A friend of mine was surprised to read my last enty, in which I confessed to being deeply moved by a song about a lost cat. She has known me for years and never seen me cry. That’s because I don’t cry, except at the odd movie or song. Don’t get me wrong: I like to cry. It’s relaxing and good for the eyes. But tears either come or they don’t, and at this point in my fortunate life, they just don’t. My friend asked, “If you can’t cry about your life, how can you cry about a fictional cat’s life?”
For that, I have three answers. First, my life is a lot happier than that lost cat’s. Second, there are reasons to pull myself together to face life’s challenges, but there’s nothing I can do for fictional characters, so I might as well fall to pieces over their fate. And third, it’s not the cat I cried over, it’s the story and the sorrow-filled universe the story is played out in. It’s every sad feeling everyone ever felt.
But still, that’s not enough to explain it. Why would I cry over a fictional lost cat and not cry over real cats subjected to fates worse than death? Why would I cry over a tragic love story in a movie and not cry over a friend’s divorce?
I’d like to learn more about the connections between fiction and emotion in our strange species.
Take love in its infinite variety of fictions. How can you feel intimately connected to a character in a book? Who hasn’t felt love for a character in a movie? Some people feel a stronger love for celebrities than for the real people in their lives, but even the most grounded of us fall in love with fictions. Think of that first encounter when you hit it off with someone. Aren’t the emotions awfully sharp then, when love is mostly fictional?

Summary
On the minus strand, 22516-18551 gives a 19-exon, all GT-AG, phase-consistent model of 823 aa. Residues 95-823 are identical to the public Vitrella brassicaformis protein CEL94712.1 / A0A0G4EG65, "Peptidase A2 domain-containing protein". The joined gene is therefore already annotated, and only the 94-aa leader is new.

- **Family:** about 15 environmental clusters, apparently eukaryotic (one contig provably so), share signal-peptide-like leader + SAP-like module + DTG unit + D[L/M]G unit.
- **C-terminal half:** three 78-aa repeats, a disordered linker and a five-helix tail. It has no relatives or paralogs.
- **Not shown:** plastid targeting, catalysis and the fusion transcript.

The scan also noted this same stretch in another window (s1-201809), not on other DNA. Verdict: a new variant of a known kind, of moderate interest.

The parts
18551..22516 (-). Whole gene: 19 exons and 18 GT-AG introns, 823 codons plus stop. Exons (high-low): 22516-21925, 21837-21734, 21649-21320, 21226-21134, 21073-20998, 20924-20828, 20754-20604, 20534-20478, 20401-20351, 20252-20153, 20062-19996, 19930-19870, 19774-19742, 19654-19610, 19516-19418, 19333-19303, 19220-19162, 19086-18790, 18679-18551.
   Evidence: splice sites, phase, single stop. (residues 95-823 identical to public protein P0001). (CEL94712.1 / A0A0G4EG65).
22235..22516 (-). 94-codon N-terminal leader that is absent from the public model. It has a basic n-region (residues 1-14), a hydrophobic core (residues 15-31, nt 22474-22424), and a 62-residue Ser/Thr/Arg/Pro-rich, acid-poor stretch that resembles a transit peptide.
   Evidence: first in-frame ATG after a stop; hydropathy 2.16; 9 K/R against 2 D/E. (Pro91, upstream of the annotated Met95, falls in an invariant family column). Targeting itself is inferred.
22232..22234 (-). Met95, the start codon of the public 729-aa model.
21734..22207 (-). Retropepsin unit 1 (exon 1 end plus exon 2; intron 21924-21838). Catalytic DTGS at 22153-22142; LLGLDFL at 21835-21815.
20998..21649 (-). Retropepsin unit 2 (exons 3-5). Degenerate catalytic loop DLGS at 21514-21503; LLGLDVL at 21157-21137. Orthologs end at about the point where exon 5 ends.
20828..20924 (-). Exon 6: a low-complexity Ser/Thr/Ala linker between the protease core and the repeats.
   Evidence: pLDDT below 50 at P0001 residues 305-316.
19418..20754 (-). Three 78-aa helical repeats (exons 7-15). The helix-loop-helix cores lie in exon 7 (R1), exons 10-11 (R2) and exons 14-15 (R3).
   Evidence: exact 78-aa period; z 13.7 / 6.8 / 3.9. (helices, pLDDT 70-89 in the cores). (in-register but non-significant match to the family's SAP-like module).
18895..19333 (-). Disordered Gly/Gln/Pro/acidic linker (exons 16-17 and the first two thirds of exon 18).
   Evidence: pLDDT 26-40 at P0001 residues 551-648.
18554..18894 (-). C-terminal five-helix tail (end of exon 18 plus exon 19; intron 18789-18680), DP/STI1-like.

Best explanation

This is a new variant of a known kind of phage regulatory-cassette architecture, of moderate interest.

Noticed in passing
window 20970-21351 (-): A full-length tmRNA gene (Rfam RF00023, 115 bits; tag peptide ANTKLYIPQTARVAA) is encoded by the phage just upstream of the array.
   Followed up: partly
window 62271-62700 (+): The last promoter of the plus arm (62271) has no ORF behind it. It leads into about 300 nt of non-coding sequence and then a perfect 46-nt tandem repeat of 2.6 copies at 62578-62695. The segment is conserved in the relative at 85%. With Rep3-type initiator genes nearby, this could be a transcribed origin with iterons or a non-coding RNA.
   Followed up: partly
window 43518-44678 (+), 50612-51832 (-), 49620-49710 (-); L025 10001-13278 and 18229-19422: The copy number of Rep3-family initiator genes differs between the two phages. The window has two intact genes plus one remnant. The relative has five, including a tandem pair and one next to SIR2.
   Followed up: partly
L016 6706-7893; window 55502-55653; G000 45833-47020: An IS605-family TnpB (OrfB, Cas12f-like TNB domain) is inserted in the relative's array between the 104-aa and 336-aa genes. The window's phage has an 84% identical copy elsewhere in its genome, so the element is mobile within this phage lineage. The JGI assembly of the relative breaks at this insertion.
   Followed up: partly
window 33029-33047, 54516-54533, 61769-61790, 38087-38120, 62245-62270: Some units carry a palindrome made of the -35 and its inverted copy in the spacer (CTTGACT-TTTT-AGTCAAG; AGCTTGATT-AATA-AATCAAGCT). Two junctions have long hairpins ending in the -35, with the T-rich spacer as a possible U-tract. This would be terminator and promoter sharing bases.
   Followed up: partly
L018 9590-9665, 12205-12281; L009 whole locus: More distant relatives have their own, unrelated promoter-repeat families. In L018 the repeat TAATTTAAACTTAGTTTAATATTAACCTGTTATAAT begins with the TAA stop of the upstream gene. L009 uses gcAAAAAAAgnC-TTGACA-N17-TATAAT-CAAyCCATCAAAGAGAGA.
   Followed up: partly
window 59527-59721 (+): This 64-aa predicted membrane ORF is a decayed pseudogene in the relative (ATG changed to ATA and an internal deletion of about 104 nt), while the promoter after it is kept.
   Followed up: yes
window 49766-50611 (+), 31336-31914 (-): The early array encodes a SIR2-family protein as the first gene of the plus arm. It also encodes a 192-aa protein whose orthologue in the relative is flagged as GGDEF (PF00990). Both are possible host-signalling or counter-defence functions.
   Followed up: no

Think of hatred, the kind that entire groups of people feel for other groups. You can’t get that kind of hatred without a good dose of fiction, can you? Fear, too. The stories we tell ourselves about what might happen feed our fears. For all I know, there aren`t any emotions that don`t have a story at their source.
I`m not a believer in catharsis. Anger builds anger, fear builds fear, and hatred builds hatred, just as love builds love and joy builds joy. You can’t release your fear by wallowing in it. Ask any hypochondriac. Venting anger just makes me angrier. And laughing makes me happy. I don’t watch a comedy and laugh with friends, then go home feeling sad, having vented all my joy. Emotions snowball. (That’s how the fictional lost cat got to me.)
I’m glad that my first children’s novel is full of humor, despite its dead mother and breaking hearts. Humour in the face of sorrow and adversity is something I’d like to snowball among 12-year-olds. Come to think of it, I’d like a little more of it in my own life. So should I stop listening to sad songs and reread my book? Nah. But I might listen to the Gypsy Kings for a while and see what happens.